Matthias Muehle enjoys his role of supervising students at Fraunhofer. He works with interns from both MSU and international institutions, including Steffen Zelzer and Theresa Sperk.
Matthias Muehle enjoys his role of supervising students at Fraunhofer. He works with interns from both MSU and international institutions, including Steffen Zelzer and Theresa Sperk.

Q & A with Matthias Muehle
Matthias Muehle is in the fourth year of his PhD program in electrical and computer engineering. He came to MSU in fall 2012. He is from Görlitz, the most eastern city in Germany, located 65 miles east of Dresden in Saxony. Since World War II, Görlitz is a divided city – the Western being German, while the Eastern part is Polish. 

Where did you get your bachelor's degree? I received my college education at Technische Universität Dresden (Dresden University of Technology). I went to college before the Bologna Declaration was in action. The process standardized academic degrees (bachelor and master). I enrolled in the old German system: a five-year program consisting of four years course work and a one-year final research thesis (which I wrote here on campus at Fraunhofer). Afterwards I received my “Diplom” in physics. The degree is equal to a master’s degree, and I was treated like that when I joined MSU.

What do you do at Fraunhofer? I have been a project engineer at Fraunhofer since 2012. I execute projects, including machine maintenance, executing experiments, post analysis, and project reporting. 

My PhD thesis research focuses on technology development in order to synthesize two-inch single crystalline diamond wafers. As of now technology is limited to about 10 x 10 mm2 in size. The problem I am working on is really multi-dimensional as you have to tackle several issues at the same time such as: (i) how to actually increase the lateral crystal dimensions or (ii) how to separate grown material efficiently (diamond is the hardest material known, so we cannot mechanically saw it like silicon) just to name a few. Several official projects have been established with Fraunhofer working on specific problems my thesis addresses. This ensures, that I can finish my PhD thesis in a timely manner. It involves more official reporting, but opens up plenty of new opportunities. For example, we identified that using ion beam irradiation before diamond synthesis would be an efficient way to separate the grown diamond from the seed crystal. I identified a perfect facility in the Department of Physics at Western Michigan University. Through Fraunhofer, I established a collaboration with the group at WMU. We are making great progress, have already showed feasibility of the process, and are currently planning on how to optimize the procedure. I presented recent results when attending this year’s New Diamond and New Carbons conference in Shizuoka, Japan, and won the best student poster award.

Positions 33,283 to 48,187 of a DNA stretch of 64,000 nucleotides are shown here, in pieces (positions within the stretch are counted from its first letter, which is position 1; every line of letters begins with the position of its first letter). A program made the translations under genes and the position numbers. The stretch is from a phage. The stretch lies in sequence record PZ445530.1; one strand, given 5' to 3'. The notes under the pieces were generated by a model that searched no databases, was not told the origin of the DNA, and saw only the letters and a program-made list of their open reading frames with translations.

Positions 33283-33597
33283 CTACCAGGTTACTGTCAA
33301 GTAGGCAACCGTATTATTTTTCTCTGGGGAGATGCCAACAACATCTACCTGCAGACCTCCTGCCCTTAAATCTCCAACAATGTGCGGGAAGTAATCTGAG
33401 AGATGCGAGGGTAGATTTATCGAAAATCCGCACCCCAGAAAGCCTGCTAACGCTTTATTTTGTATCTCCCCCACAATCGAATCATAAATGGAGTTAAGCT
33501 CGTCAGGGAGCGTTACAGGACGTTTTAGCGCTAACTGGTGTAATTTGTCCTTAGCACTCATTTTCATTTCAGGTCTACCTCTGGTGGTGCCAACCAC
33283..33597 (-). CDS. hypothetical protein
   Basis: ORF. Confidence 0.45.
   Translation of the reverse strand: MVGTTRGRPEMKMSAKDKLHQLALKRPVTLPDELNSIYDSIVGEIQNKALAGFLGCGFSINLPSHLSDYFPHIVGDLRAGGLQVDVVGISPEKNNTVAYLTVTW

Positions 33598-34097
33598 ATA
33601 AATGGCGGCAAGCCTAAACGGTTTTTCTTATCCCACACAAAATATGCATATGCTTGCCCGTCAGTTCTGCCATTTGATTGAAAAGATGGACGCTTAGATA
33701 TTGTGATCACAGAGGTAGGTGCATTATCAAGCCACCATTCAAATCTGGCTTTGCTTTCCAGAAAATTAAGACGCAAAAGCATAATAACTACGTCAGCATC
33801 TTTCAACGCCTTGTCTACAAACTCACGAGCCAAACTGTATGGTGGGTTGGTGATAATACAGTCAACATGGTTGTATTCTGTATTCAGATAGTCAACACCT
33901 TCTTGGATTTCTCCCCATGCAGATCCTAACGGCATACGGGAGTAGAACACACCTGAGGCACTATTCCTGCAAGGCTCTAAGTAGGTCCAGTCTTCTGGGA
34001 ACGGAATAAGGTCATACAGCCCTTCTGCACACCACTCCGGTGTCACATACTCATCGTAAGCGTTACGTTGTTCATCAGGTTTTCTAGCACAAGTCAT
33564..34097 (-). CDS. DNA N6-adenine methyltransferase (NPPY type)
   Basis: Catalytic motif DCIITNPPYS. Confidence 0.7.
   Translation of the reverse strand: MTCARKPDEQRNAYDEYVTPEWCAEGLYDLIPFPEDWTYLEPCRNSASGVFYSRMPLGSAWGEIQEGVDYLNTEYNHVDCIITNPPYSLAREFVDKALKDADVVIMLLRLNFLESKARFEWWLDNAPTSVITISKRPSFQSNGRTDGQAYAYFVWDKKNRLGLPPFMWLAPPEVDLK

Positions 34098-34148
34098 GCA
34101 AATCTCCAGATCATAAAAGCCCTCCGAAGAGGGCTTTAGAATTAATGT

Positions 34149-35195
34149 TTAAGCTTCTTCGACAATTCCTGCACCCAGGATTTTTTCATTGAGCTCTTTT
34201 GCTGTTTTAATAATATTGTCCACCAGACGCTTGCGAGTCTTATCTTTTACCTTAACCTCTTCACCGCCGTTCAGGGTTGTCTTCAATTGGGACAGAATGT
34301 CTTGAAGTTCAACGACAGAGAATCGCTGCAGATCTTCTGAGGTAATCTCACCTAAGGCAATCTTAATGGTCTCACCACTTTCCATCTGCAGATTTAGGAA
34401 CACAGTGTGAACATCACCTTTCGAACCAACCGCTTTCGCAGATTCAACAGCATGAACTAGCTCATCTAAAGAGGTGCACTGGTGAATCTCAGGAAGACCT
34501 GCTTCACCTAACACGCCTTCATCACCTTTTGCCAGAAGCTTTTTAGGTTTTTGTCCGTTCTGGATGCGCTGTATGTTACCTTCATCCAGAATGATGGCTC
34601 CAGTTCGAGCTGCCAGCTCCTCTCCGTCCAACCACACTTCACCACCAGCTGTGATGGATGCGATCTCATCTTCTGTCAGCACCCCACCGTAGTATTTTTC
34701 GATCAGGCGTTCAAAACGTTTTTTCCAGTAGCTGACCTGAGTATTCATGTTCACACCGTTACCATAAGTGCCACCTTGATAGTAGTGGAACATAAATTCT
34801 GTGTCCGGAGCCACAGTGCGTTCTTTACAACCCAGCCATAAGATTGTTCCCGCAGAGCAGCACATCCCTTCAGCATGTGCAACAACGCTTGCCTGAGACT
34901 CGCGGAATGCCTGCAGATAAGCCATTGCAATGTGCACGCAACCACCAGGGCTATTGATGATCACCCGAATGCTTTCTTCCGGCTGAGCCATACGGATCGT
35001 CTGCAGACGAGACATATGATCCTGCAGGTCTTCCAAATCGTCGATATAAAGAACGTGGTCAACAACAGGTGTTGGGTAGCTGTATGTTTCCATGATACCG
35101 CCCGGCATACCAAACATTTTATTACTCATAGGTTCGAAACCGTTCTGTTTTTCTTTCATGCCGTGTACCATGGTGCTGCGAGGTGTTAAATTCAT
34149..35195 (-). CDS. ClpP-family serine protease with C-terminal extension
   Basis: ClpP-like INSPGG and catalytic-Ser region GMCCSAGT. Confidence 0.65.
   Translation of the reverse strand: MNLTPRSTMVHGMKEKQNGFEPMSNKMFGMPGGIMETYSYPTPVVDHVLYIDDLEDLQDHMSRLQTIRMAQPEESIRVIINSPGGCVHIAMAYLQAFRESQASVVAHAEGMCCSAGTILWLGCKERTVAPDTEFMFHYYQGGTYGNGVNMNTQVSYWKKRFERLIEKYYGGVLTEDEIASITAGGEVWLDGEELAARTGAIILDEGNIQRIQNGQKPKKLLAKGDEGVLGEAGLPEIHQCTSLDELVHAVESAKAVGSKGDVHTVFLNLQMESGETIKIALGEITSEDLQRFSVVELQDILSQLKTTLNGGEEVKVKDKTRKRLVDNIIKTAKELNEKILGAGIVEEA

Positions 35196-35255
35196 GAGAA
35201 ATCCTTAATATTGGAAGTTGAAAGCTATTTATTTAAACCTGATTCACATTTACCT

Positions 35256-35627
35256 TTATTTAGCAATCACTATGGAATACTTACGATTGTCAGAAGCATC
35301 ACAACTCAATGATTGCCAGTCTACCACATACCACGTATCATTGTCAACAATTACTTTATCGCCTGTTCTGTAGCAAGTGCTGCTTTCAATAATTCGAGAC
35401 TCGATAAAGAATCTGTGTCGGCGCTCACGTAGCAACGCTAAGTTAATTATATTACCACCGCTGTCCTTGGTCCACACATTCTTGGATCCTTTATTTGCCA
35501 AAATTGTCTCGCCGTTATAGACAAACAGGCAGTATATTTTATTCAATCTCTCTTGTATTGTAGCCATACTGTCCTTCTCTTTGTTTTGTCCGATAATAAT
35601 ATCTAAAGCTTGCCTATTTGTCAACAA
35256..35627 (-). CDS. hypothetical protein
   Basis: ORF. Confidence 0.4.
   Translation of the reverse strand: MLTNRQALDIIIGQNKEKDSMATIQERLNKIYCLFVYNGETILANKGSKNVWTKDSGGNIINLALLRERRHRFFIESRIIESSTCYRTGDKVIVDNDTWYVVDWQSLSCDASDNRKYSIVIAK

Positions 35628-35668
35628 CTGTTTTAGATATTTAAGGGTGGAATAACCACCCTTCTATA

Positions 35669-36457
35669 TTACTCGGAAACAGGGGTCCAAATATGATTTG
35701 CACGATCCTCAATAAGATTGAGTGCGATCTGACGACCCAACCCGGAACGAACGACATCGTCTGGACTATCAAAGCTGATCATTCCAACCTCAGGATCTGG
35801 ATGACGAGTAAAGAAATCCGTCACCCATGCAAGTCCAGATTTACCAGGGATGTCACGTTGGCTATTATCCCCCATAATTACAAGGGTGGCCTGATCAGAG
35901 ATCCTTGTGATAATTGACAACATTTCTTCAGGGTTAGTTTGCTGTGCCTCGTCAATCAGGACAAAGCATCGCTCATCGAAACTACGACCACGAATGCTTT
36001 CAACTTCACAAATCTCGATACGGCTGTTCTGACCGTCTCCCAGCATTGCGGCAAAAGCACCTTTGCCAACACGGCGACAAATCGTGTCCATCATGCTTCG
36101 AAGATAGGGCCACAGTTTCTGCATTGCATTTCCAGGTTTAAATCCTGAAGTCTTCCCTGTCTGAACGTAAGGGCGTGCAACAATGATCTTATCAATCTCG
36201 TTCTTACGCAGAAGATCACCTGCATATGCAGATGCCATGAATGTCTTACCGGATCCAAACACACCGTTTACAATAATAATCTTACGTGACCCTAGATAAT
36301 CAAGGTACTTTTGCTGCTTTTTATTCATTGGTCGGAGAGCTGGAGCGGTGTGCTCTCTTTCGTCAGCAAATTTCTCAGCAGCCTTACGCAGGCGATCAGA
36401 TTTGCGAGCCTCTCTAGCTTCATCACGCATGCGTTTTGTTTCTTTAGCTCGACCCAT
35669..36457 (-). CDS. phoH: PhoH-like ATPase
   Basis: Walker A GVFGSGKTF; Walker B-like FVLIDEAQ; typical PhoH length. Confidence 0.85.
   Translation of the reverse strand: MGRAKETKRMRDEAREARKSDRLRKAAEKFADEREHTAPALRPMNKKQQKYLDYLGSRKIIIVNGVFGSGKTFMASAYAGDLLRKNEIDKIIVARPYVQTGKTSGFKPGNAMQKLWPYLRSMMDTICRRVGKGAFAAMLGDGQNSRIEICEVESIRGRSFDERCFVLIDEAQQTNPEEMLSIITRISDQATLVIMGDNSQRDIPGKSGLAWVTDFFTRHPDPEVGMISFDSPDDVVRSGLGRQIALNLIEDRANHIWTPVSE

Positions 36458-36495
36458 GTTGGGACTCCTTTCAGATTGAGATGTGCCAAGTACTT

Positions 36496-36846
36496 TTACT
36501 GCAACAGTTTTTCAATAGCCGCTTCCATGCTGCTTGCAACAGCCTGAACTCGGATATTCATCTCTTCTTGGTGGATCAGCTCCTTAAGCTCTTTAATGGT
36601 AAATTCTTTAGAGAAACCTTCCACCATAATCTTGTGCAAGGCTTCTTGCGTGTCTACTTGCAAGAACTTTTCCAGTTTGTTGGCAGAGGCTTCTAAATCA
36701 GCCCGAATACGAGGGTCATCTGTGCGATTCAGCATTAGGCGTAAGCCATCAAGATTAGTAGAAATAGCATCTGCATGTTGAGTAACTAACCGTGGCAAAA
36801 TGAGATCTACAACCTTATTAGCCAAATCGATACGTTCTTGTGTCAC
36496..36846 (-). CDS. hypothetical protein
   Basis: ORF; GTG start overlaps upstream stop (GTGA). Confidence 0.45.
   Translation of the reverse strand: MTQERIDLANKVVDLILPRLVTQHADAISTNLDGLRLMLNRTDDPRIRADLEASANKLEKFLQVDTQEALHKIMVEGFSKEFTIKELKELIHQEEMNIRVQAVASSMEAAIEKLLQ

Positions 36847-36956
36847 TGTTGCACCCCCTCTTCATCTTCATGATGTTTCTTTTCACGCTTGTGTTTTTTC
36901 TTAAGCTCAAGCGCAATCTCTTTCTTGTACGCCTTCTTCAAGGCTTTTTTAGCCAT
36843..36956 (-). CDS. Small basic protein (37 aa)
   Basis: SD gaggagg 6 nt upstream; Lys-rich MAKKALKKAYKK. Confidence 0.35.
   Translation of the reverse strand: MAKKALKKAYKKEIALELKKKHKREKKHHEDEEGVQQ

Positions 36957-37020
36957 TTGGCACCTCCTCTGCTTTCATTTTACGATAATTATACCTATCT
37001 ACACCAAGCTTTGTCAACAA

Besides my thesis research, I am involved in really interesting side projects. In collaboration with an industrial partner (Mackinac Technology Company), we are developing an antireflective coating for bus windshields. Back reflections of the light in the passenger compartment during night times severely reduce the driver’s vision. The Department of Transportation identified this as the number one cause for lethal accidents with pedestrians. 

Being part of this project gives me new insights on different technologies. It really broadens my horizon because the work is completely different than my diamond research. I have also learned a lot about thin coatings. Knowing that our solution will be implemented within the next years makes me proud. While a lot of PhD research has the potential to change things in say 20 years, our solution will change individuals lives as soon as in a year. (